This is the non-policy countdown of reasons to vote for Kerry over Bush--one per day until the day before Election Day. Non-policy? Yep. You won't find arguments over whose stance on jobs is better, or so on. This is all about the candidates' personalities.
There are terribly important issues out there, it's true. But sometimes a man assumes power who is so thoroughly corrupt, inept, or unwise, that it becomes paramount that he is pulled from power as soon as possible. I wouldn't have thought it possible before Bush, but we have in him a President who is all three.
So far, we have...
Reason #10: Kerry is hard-working, Bush is lazy.
Reason #9: Bush is careless with his words.
Reason #8: Bush is dangerously secretive.
And so we come to...
Reason #7: Bush is unable to listen to contrary opinions, or change his mind when the facts dictate.
In a way, this dovetails with #8, Bush's secrecy. Part of the reason for his secrecy is to keep contrary opinions or facts away from him, so he can continue down the ideologically-driven path he desires.
Bush and his Administration have become famous for stepping on whomever they need to in order to push through their agenda in Congress or make decisions affecting all of us. Bullying, discrediting, spreading false information...all tactics are open when it comes to dealing with anyone who stands against Bush on any issue at any time, regardless of whether they helped Bush in the past. Is it really that surprising he is the first President in U.S. history to NEVER veto a single bill?
When it came time to start ignoring the war on al-Qaeda and invade Iraq, Bush asked for information that would allow him to sell the war to the public. He wasn't interested in hearing opinions saying that "Saddam is contained" or "Saddam's WMD programs have fallen apart under the force of the international sanctions." All he wanted to hear was the rumors, innuendoes, and possibilities that would allow him to stitch together a tissue of lies to sell to the military, the public, and the world.
After Iraq was invaded and Saddam driven into hiding, the search for WMDs was on. Wasn't it? Well, to a degree, yes. They were hoping to find...something. After all, Bush's daddy and Reagan were the ones who sold Saddam his old WMDs, which he used on the Kurds and the Iranians. It stood to reason, they figured, that some might have been hidden away, instead of destroyed as Saddam had vociferously maintained. They figured wrong.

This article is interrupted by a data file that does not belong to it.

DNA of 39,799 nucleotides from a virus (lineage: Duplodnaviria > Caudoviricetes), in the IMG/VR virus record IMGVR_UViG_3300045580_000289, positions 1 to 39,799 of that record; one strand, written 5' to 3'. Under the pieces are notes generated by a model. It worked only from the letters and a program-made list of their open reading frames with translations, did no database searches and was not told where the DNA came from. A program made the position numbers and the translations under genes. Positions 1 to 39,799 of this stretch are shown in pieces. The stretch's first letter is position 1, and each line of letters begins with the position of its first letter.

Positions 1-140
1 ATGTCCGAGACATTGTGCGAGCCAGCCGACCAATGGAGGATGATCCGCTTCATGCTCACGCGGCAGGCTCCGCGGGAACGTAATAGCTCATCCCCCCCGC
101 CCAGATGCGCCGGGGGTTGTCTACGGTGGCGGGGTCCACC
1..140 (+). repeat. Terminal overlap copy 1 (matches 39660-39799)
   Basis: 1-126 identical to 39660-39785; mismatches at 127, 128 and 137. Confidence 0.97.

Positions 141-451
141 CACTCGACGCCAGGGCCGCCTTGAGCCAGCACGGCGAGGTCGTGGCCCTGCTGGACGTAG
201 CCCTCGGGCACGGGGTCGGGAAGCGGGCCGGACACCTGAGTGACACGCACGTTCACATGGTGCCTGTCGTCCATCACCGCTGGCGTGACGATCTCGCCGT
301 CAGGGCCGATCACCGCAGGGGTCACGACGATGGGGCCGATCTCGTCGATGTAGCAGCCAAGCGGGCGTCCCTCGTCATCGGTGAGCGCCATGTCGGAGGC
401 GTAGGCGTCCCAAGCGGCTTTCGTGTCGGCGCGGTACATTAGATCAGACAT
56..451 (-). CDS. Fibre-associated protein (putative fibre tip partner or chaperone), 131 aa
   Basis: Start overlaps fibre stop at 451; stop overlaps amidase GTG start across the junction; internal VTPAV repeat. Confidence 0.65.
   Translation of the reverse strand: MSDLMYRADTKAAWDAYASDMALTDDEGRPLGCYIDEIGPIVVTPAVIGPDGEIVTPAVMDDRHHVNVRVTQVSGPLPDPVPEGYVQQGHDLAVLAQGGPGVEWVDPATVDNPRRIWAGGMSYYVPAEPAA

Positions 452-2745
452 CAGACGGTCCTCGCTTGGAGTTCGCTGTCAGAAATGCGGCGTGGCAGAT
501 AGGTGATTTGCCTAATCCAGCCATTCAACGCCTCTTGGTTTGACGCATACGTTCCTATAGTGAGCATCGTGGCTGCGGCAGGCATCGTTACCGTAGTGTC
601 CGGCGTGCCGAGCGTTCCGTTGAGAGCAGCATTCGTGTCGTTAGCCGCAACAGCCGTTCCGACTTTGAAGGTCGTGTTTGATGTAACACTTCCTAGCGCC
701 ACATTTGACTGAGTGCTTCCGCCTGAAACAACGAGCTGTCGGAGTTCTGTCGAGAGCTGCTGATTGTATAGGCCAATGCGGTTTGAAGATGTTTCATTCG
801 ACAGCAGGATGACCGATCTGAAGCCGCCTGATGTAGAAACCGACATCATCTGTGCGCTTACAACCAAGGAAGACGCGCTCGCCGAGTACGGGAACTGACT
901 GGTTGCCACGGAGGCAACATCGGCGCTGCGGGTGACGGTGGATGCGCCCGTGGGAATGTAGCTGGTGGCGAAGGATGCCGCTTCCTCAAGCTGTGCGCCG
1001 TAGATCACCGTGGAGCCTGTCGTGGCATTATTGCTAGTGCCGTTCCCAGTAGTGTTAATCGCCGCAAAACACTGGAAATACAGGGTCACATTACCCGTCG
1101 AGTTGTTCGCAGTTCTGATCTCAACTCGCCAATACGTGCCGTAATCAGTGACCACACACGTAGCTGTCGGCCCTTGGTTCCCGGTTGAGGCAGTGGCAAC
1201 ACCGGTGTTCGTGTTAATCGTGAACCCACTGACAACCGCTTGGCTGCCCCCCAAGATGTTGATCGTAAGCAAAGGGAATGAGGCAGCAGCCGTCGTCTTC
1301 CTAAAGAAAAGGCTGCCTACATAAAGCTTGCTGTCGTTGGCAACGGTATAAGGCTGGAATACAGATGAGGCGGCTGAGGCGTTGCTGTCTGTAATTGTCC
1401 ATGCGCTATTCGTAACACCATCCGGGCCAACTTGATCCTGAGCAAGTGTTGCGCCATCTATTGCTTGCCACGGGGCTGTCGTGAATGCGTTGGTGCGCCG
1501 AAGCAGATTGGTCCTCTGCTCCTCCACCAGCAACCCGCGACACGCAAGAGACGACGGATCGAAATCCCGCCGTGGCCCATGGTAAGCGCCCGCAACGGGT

No protections were made of Iraq's munitions, nuclear plants, or museums. The only area properly guarded in Baghdad was the Oil Ministry. Why? I leave the answer to the reader.
Bush's whole plan for the war was: 1) Use the U.S. military to drive Saddam out of power. 2) Parade down the street to throngs of well-wishing Iraqis. 3) Pump oil like mad to fund the rebuilding of Iraq and line the pockets of Bush's cronies.
Now we know the results of that disastrous lack of post-invasion planning. Our soldiers are confined to certain areas, and whole cities have been declared "no-go" areas. Our soldiers are dangerously low on armor, ammunition, and spare parts, to the point where some soldiers are now refusing orders. Insurgent numbers keep climbing. Stocks of guns and explosives were taken without ever being properly guarded. Iraqi police and soldier trainees are blown up in line, unprotected, or massacred without weapons. The whole world, outside of the "coalition of the willing" is angry at Bush and, to a lesser extent, the U.S. Members of the "coalition of the willing" are becoming unwilling and going home. 100,000 Iraqis are "trained"--but only with a paltry three weeks of basic training. Less than 5,000 are fully trained. Car bombs blow up civilian Iraqis on a daily basis. Anyone traveling unarmed is subject to kidnapping. Since the oil pipelines keep being attacked and nearly the whole country is unbelievably dangerous to anyone thought of as helping the U.S., rebuilding is nearly zero, and Bush had to line Halliburton's pockets directly from the coffers of the U.S. Treasury instead of from oil money.